The first images from a UK-built satellite, which has been designed to map air quality across the globe, have been published today (1 December).
Launched into orbit on 13 October, the Sentinel-5 Precursor monitors the atmosphere to track the spread of pollutants including nitrogen dioxide, methane, carbon monoxide and aerosols.
The prime contractor for the development and manufacture of the satellite, which is part of Europe’s environmental monitoring programme – Copernicus – was Airbus Defence and Space, based in Stevenage, Hertfordshire.
One of the first images shows nitrogen dioxide over parts of the Netherlands, the Ruhr area in western Germany, the Po Valley in Italy and parts of Spain.
Another of the first images from Sentinel-5 Precursor shows ash and smoke from the Mount Agung volcanic eruption on Bali, Indonesia, on 27 November. As well as detecting different air pollutants, the mission also measures aerosols.
Science Minister, Jo Johnson, said: “After only a few weeks in orbit, this UK-built satellite is delivering real results, shining a light on air quality and demonstrating the important role of the UK’s space sector in tackling global challenges.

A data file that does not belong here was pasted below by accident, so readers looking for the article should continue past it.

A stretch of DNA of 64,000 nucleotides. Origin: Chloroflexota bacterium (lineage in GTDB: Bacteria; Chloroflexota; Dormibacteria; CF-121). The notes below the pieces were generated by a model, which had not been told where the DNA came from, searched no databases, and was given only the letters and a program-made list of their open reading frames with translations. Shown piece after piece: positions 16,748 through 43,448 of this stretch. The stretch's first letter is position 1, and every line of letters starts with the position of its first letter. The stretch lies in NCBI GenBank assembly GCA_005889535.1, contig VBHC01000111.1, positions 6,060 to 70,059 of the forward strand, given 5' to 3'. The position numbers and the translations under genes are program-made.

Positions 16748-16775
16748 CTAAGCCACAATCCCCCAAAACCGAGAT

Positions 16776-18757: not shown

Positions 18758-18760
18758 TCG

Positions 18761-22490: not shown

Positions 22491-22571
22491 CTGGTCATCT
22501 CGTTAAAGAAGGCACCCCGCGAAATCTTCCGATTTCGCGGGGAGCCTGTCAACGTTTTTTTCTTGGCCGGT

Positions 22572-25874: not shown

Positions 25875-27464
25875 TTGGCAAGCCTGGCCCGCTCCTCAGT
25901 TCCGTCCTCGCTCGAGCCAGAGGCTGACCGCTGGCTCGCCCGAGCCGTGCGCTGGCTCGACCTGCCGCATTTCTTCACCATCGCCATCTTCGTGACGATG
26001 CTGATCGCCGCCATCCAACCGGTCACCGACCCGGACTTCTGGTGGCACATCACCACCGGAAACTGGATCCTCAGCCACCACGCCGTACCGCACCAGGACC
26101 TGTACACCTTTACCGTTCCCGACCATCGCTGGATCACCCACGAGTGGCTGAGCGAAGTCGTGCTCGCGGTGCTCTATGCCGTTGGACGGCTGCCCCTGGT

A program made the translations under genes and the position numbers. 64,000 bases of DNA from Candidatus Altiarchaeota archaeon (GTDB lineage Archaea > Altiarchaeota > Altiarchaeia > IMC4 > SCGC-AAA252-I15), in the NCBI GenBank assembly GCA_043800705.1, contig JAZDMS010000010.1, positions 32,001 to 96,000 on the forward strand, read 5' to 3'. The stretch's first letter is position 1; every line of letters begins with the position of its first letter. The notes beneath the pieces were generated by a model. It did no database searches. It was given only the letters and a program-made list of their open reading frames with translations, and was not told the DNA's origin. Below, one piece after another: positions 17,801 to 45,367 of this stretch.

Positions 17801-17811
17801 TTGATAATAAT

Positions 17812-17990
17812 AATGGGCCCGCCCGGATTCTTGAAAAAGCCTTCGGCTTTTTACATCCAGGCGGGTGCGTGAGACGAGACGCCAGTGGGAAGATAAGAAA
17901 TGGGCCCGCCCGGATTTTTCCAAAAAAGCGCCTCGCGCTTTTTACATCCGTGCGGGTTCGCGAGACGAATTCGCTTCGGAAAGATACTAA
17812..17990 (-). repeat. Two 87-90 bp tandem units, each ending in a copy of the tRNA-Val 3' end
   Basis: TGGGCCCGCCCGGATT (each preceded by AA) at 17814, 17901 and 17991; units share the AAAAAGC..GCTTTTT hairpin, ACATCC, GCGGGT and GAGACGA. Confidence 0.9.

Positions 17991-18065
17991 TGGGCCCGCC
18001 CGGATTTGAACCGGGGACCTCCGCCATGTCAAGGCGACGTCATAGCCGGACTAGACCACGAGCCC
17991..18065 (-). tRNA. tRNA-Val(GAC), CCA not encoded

“Our Industrial Strategy, published earlier this week, sets out a bold vision for the UK to become the world’s most innovative nation and highlights our commitment to work with industry to capture 10% of the global space market by 2030.”
Sentinel-5 Precursor is the sixth Copernicus Sentinel satellite. It carries the most advanced multispectral imaging spectrometer to date: Tropomi, developed by Airbus DS Netherlands for the European Space Agency (ESA) and the Netherlands Space Office.
Sentinel-5 Precursor is the sixth Copernicus Sentinel satellite. It carries the most advanced multispectral imaging spectrometer to date, according to the UK Space Agency, which includes Tropomi, developed by Airbus DS Netherlands for the European Space Agency (ESA) and the Netherlands Space Office.